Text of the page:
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News Analysis 16 Feb 2022 - 6 min read

Paranoid Android: Google follows Apple with cull of mobile IDs, cross-app data sharing, fires starting pistol on total shake-up of mobile ad and app industry, buys time with regulators

By Sam Buckingham-Jones - Deputy Editor
Privacy Sandbox on Android

Google says more than 90 per cent of the apps on Google Play are free, and it wants to give publishers, advertisers and developers that rely on mobile advertising time to come up with a solution that doesn’t encourage covert identity workarounds.

Google has fired the starter pistol on finding an alternative to mobile ad IDs, following Apple’s App Tracking Transparency push while taking a swipe at Apple's “blunt approach” that it claims is harming advertising. Google is yet to explain how its 'Privacy Sandbox for Android' will differ – privacy by default or opted-in – but global and local ad execs told Mi3 that some sectors could be "decimated" while Google may benefit from sign-ins, furthering its massive advantages, while making more money from paid app downloads. Google's Jessica Martin, UM's Joshua Lowcock, Publicis' Jason Tonelli, Resolution's Phil Pollock, MiQ's Damien Healy and IAB's Jonas Jaanimagi tell Mi3 what's coming down the track.

What you need to know: 

  • Google claims it wants to improve user privacy by removing its mobile advertising ID and stopping cross app data sharing. It has created a "Privacy Sandbox on Android", a space for the industry to share and discuss proposals that let brands advertise but keep user data private. 
  • The plan mirrors Apple's App Tracking Transparency, or ATT, which stipulates all individual apps must gain explicit permission to track users. A low percentage have chosen to do so. 
  • Google said this "blunt approach" has led to "worse outcomes for user privacy and developer business", but it doesn't yet know what a good approach looks like. It's taking a "consultative" approach.
  • The announcement comes days after the main UK competition regulator, the CMA, gave the green light to Google's commitments to reforming how ad tracking works, with the CMA now effectively the arbiter for when third party cookies can be culled.
  • Google's APAC Head of Privacy, Regulatory, Crisis and Risk, Jessica Martin, told Mi3 the web and Android Privacy Sandboxes are separate but will rely on the same principles and norms.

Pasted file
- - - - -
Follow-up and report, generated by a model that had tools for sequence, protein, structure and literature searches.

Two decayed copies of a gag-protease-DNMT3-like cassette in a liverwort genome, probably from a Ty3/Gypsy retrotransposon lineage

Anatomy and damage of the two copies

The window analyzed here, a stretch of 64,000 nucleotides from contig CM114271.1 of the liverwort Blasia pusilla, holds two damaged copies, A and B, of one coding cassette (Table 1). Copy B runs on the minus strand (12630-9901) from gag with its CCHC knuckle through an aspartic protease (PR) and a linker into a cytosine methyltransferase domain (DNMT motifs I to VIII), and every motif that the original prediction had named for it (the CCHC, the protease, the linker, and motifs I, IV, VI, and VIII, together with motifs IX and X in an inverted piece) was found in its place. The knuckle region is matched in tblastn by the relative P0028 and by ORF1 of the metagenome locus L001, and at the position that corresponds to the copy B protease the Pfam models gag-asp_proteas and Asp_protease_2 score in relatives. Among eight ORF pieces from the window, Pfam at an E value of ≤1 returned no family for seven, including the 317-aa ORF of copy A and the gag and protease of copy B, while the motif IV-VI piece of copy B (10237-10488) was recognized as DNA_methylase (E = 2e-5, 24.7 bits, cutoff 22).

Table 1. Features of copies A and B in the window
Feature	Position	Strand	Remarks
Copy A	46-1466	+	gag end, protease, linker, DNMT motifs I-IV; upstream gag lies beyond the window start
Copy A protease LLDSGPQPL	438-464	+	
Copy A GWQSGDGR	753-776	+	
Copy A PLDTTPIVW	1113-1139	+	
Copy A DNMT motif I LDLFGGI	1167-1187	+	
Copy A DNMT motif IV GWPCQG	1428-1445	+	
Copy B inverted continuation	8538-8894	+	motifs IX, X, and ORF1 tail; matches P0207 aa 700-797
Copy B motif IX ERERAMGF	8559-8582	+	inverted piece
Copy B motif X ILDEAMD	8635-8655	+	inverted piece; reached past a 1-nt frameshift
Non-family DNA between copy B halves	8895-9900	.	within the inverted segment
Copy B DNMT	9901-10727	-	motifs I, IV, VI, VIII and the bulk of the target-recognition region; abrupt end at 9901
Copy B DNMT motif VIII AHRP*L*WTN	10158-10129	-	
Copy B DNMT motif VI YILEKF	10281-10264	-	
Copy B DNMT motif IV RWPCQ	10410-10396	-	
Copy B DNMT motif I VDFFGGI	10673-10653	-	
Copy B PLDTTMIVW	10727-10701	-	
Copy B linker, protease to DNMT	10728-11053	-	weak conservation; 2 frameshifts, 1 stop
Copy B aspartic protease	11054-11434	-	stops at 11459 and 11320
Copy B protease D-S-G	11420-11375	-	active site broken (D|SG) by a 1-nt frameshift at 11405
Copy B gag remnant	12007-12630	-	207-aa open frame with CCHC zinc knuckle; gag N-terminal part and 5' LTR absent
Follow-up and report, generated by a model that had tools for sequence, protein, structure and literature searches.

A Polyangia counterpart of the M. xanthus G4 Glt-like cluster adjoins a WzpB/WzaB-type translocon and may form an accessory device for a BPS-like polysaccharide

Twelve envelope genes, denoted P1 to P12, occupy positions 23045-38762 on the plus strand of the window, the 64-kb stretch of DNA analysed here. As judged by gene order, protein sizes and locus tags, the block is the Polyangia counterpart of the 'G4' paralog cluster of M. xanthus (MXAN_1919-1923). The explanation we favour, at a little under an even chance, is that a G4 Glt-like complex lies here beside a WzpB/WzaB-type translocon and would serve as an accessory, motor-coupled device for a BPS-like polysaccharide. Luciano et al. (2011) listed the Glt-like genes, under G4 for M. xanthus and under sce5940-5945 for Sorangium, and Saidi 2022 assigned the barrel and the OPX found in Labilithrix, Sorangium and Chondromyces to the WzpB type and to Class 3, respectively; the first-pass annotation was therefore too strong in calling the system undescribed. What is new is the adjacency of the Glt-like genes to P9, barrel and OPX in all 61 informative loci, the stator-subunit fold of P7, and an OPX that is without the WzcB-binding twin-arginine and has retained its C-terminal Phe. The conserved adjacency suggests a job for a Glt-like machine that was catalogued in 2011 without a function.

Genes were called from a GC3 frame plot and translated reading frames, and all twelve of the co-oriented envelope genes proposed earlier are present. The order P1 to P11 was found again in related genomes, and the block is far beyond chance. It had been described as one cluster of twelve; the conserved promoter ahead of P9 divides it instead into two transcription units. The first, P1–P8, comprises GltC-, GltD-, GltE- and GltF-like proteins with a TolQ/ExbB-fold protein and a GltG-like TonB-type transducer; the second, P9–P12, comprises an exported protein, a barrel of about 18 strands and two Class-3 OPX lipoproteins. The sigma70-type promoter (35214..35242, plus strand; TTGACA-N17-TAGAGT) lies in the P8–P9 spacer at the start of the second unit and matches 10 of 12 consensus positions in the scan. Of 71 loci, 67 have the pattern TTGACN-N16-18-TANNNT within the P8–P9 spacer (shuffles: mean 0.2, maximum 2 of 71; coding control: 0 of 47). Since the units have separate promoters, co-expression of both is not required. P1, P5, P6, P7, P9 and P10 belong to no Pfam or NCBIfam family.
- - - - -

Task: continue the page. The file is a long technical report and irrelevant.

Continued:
• There are concerns mobile changes could impact funding models for apps and mobile games, 90 per cent of which are free in Google's ecosystem. 
  • Regulators are piling on to Google, which is facing mounting legal cases around the world. In Australia, the Australian Competition and Consumer Commission is weighing significant intervention to force a greater level of transparency and competition.
  • But perhaps the platform can keep them all onside by tasking industry with aligning on solutions while committing to consulting with both businesses and regulator on any changes to the status quo – which has made it one of the world's richest and most powerful companies.

On the open web, we have seen publishers pivot to user registration and first party data. On mobile, if Android app developers go down the same path and default to sign in with your Android (Google) ID this will directly benefit Google’s ad business while giving the illusion of an intent to protect privacy.

Joshua Lowcock, UM Worldwide’s Global Chief Media Officer

Apple deuce

Google has confirmed plans for its own version of Apple’s App Tracking Transparency (ATT) that could kill off cross-app data sharing about users on mobile devices and up-end the mobile ad industry as we know it.

Google's 'Privacy Sandbox for Android' operating systems sets a two-year timeline for alternatives to its mobile advertising ID. But crucially – raising question marks over any timetable and potentially creating a regulatory shield – puts the onus on industry to deliver. 

Launching the initiative via a blog post – though telling agencies and industry associations days earlier and making them sign NDAs – the tech giant took aim at Apple over ATT, a feature that forces app publishers to gain explicit, opted-in consent to being tracked across apps. Google described Apple's approach “blunt ... ineffective” and leading to “worse outcomes for user privacy and developer businesses”.

But industry experts say there’s more to Google’s announcement than meets the eye, both in its timing, content, and potential impacts. It could "decimate mobile advertising in games and apps", per one holdco exec, and prompt a push towards paid apps and in-app purchases, a cut of which goes to Google.